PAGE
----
by Akhilesh K Prasad
Agriculture accounts for 14% of India’s GDP and about 11% of our exports. India has the second-largest arable land base at 159.7 million hectares after the US, and the largest gross irrigated area at 88 million hectares. In fact, 60% of the country’s population depends directly or indirectly on agriculture for their principal income and land continues to be the main asset for livelihood.
The bane of the agriculture sector is that 42% of India’s land is facing drought. States such as Andhra Pradesh, Bihar, Gujarat, Jharkhand, Karnataka, Maharashtra, Rajasthan, Tamil Nadu, Telangana and parts of the North-East have been worst hit. Almost 40% of the country’s population reside in these states.
While the center has not declared drought anywhere so far, the state governments of Andhra Pradesh, Gujarat, Karnataka, Maharashtra, Odisha, and Rajasthan have declared many of their districts drought-hit.
Failed monsoons are the primary reason for the current situation. The North-East monsoon that provides 10-20% of rainfall in India fell short by 44% in 2018 as per the data from the Indian Meteorological Department (IMD). The South-West monsoon which provides 80-90% of rainfall fell short by 9.4% in 2018. For perspective, IMD declares a drought if there is a deficit of 10%.
As a result of lower rainfall, water levels in reservoirs across the country have reduced by about 32-36% in just 5 months up to March 2019. As a direct fallout of the drought, farm distress has worsened, groundwater extraction has been exacerbated and there is an increase in migration to urban centers. It is noteworthy here that agricultural laborers hardly get 150-160 days of work and the droughts make the situation worse for them.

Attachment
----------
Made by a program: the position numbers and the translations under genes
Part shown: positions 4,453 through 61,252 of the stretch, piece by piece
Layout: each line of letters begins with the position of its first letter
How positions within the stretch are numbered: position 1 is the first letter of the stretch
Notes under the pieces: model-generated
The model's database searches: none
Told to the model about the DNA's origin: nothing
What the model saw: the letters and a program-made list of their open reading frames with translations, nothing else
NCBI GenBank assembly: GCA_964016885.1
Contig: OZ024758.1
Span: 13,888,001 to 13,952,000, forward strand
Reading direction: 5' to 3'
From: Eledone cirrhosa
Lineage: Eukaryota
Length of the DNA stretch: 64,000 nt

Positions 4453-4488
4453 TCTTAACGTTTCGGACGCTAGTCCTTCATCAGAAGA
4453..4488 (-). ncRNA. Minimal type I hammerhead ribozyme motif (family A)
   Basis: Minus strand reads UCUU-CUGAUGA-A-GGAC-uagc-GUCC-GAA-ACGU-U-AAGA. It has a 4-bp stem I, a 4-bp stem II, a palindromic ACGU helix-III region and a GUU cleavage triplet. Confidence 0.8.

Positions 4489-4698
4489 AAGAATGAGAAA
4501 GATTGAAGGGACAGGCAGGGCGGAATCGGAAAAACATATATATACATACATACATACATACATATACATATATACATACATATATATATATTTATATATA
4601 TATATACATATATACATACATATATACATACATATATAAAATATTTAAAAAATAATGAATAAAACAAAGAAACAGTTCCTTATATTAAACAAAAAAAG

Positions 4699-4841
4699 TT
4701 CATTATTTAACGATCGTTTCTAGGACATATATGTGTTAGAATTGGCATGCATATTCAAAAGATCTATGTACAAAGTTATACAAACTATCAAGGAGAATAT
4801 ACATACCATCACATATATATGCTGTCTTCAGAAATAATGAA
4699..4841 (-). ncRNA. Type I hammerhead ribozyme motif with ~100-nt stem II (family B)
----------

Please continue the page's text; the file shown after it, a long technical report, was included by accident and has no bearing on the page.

Even in the face of this crisis, government programs such as farm insurance and irrigation infrastructure offer negligible help to farmers. For instance, loans taken by farmers are insured on the payment of a small premium. In the event of crop failure, they are entitled to compensation. But several farmers are not eligible for these loans and have to resort to borrowings from informal money lenders. They are the worst sufferers.
The Pradhan Mantri Fasal Bima Yojana (PMFBY) scheme which ensures crops against unpredictable weather has often been criticized for making meager payouts and benefitting only insurance companies. Due to this, while 57 million farmers had joined the scheme in 2016-2017, 8.5 million quit the following year. Besides, the implementation of the scheme has also been nothing to boast of. A survey conducted by BASIX in 2018 found that only 29% of farmers in 8 states were aware of PMFBY. Of these, only 12.9% could get crop insurance. Others couldn’t avail of the benefits.
The impact of the drought is less in areas where irrigation facilities are available. However, the net irrigated area is only 34.5% of the total cultivated area in India. When the BJP came to power in 2014, they promised to complete 99 irrigation projects by 2019 under the Pradhan Mantri Krishi Sinchayee Yojana (PMKSY). Unfortunately, 74 of these were still without field canals till 2018 end.
A 2018 CAG report said, out of 16 water projects under the Accelerated Irrigation Benefits Programme (AIBPO) only 5 were underway. The irrigation potential achieved from these projects is only 37% and does not include any drinking water or power generation.
In conclusion, while big projects have been criticized for not being helpful, the adoption of micro-irrigation techniques has helped manage drought in parts of Karnataka. A total of 69.5 million hectares of land in India has the potential for micro-irrigation. Out of this, as of 2018, only 7.73 million hectares has got it in the form of either sprinkler or drip irrigation. Such projects need to be scaled up as groundwater is constantly depleting.